Sunday, December 27, 2020

Finding Hidden Treasures in My Bible



 I’ve told the story before, how from 1983 — 1987, my family came to Chapel services at Zephyrhills C.I. every Sunday — usually my mother, Lucille Norman, my niece, Tammy Norman, and Aunt Alice Walker, and sometimes my brothers, Dan and Tom, and less often, my father, Eugene, until his passing in 1985. We would almost fill up a pew in the tiny chapel. My family home was 12 miles down Highway 301 in Thonotosassa, so it was a quick trip to visit. There were a few families — regulars — who visited their loved one, sang with the “Howling Dog Choir,” (I called it) and enjoyed special religious services by outside church groups I still recall. Most of the other inmates didn’t get visitors, and my family was a sort of surrogate family for many of the men. My mother, aunt, and niece were always so friendly and gracious to everyone, that the pews in front and behind us were always crowded with men wanting to sit near us. Two of my oldest prison friends, Mike Riding and Jack Murphy, sat on our pew with us.

In September, 1983, after a disappointing Saturday service cancellation, Murf and I brainstormed a new prison religious event, a three-day “Sonshine Adventure,” the Son signifying Jesus Christ, the Shine for His light shining on us all, and the Adventure of walking in the Christian path. Miraculously, our idea was approved and succeeded beyond our wildest dreams, of volunteers and churches coming onto the compound for three days and nights, leading to the 1986 “National Prison Invasion,” 20,000 Christian volunteers going into 400 prisons nationwide, thousands of men and women accepting Christ. That’s another story, among many.

Jack Murphy had had his visits suspended for two years for some trouble he got into at Union C.I., and every Sunday he sat with my family, becoming a trusted friend. I’ll never forget my niece, Tammy’s, 12th birthday. We painted a huge banner with “Happy Birthday Tammy,” and took a photo of us holding it up.

At church that Sunday, Jack asked her, “Tammy, you’re so pretty. Are you going to be a model when you grow up?”

“No,” Tammy said, “I’m going to be a lawyer and get Charlie out of prison.”

How can you not love a girl like that? Would that she had become a lawyer and gotten Uncle Charlie out of prison. I needed the help — still do.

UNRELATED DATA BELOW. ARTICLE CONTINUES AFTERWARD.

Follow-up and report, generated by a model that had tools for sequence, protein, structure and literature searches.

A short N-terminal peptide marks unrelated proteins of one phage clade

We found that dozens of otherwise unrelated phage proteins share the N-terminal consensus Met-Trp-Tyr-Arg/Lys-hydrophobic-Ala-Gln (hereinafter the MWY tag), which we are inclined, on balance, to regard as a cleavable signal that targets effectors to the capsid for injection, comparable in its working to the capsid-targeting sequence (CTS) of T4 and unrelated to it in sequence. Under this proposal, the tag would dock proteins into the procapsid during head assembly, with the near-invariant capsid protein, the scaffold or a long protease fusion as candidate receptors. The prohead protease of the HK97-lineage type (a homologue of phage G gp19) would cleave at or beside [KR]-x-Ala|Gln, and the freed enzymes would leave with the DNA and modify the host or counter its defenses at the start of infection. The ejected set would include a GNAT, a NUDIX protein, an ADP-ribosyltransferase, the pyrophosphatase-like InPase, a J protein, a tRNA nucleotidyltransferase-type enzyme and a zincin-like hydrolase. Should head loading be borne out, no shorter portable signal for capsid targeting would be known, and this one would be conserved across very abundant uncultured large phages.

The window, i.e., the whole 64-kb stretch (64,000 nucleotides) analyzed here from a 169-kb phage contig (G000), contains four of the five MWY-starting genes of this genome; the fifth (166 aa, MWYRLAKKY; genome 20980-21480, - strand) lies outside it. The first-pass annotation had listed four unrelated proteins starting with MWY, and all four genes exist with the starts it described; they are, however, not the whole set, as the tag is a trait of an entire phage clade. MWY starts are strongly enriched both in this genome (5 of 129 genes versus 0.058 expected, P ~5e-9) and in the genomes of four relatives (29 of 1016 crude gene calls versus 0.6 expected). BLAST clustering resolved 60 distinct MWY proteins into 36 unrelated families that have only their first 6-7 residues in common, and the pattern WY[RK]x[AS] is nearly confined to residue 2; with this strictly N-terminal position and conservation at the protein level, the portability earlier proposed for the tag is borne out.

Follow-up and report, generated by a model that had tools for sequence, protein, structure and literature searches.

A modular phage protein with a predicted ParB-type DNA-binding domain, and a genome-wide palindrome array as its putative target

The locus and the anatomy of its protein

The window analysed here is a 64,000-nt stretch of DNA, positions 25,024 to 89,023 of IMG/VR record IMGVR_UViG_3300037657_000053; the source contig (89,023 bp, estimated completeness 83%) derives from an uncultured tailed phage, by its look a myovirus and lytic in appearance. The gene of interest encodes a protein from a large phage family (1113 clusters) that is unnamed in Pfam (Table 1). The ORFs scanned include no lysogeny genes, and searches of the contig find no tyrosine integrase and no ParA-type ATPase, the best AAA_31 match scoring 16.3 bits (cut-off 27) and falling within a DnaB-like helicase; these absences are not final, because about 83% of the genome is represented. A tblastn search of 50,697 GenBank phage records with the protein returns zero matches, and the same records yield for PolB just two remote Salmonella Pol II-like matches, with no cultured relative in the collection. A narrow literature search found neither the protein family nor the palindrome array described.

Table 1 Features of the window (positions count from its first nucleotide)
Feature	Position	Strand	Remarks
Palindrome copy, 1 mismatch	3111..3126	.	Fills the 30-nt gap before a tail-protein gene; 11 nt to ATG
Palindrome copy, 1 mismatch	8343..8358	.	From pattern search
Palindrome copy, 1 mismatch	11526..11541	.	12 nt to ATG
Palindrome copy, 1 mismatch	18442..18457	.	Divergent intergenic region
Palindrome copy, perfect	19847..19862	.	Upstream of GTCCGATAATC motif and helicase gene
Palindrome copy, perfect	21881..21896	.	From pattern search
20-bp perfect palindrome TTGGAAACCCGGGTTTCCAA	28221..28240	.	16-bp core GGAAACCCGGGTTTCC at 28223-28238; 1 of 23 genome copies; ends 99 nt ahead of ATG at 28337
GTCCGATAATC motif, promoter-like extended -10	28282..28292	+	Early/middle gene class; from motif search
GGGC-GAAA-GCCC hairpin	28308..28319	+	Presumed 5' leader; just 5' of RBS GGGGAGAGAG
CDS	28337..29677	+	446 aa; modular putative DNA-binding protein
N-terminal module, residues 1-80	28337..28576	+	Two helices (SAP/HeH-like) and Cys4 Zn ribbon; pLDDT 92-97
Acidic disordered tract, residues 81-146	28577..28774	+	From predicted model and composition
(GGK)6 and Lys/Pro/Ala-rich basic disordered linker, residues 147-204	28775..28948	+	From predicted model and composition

November 20, 1984, Murf the Surf got out of prison. It was a big deal that I’ll write more about another time. He spent two years at “The Bridge” in Orlando, then was released on parole. One of the first things he did was what we’d talked about years before, registering “Sonshine Adventure, Inc.,” a non-profit corporation. He gave me his new business card with a photo of him playing the violin, his signature instrument. Whenever he spoke at Assemblies, he would finish with the violin. Charlie Daniels’ “Devil Went Down To Georgia,” a challenging piece, was his finale.

Murf the Surf is dead. September 12, 2020. It was a shock to me. He was a man larger than life, who we thought would live forever. In 1984, in that big prison prayer circle, arms interlinked, with tears in his eyes, with emotion, Jack said, “I’m coming back for you, brother,” before he dressed in his street clothes, went out the gate, and gave his first interview to CBS, NBC, ABC News, helicopter hovering overhead.

That night at 6:30 pm, Dan Rather opened his telecast with, “Today, Jack ‘Murf the Surf’ Murphy was released from prison.” CBS broadcast video of 70 inmates singing “Amazing Grace,” and holding up a banner. That was us at Zephyrhills.

I’ve told the story of how my Aunt Alice bought me a heavy leather-bound large print Bible, so we all could read and follow along with the Bible verses being read during services. That Bible, inscribed with “To my favorite nephew, Love , Alice,” remains a prized possession thirty-four years later.

Over the years my Bible has swelled with keepsakes, church programs, photos, bookmarks. We used to be able to carry our Bibles to visit our families, but no more. They do allow us to have our Bible in lockup, fortunately, and sitting back here in “the box” after being stabbed twice last week, I began to examine all the papers and photos stashed between the pages. I learned a long time ago to always keep a couple of stamps, envelopes and writing paper in my Bible, in case of lockup, to be able to write home. This message is being written on paper that was patiently waiting inside my Bible at least ten years, sent to Libby, then sent to you.

That’s where I found Jack Murphy’s “Sonshine Adventure” business card, sitting between the pages of Isaiah for over thirty years. I’m sending Murf’s card home to Libby, to keep and share. It has quite q history.

I don’t know what will result from this situation. A prison guard paid gang members to injure me to get me out of the dorm she worked in, afraid that I would file a complaint against her, jeopardizing her illegal smuggling operation. She doesn’t realize that evil often comes to light, and once she paid the gang for evil, she will always be in their power.

As for me, I am okay, still writing, still praying, still loved by my wonderful wife. Keep the faith, and keep in touch.

Peace, joy, and love,



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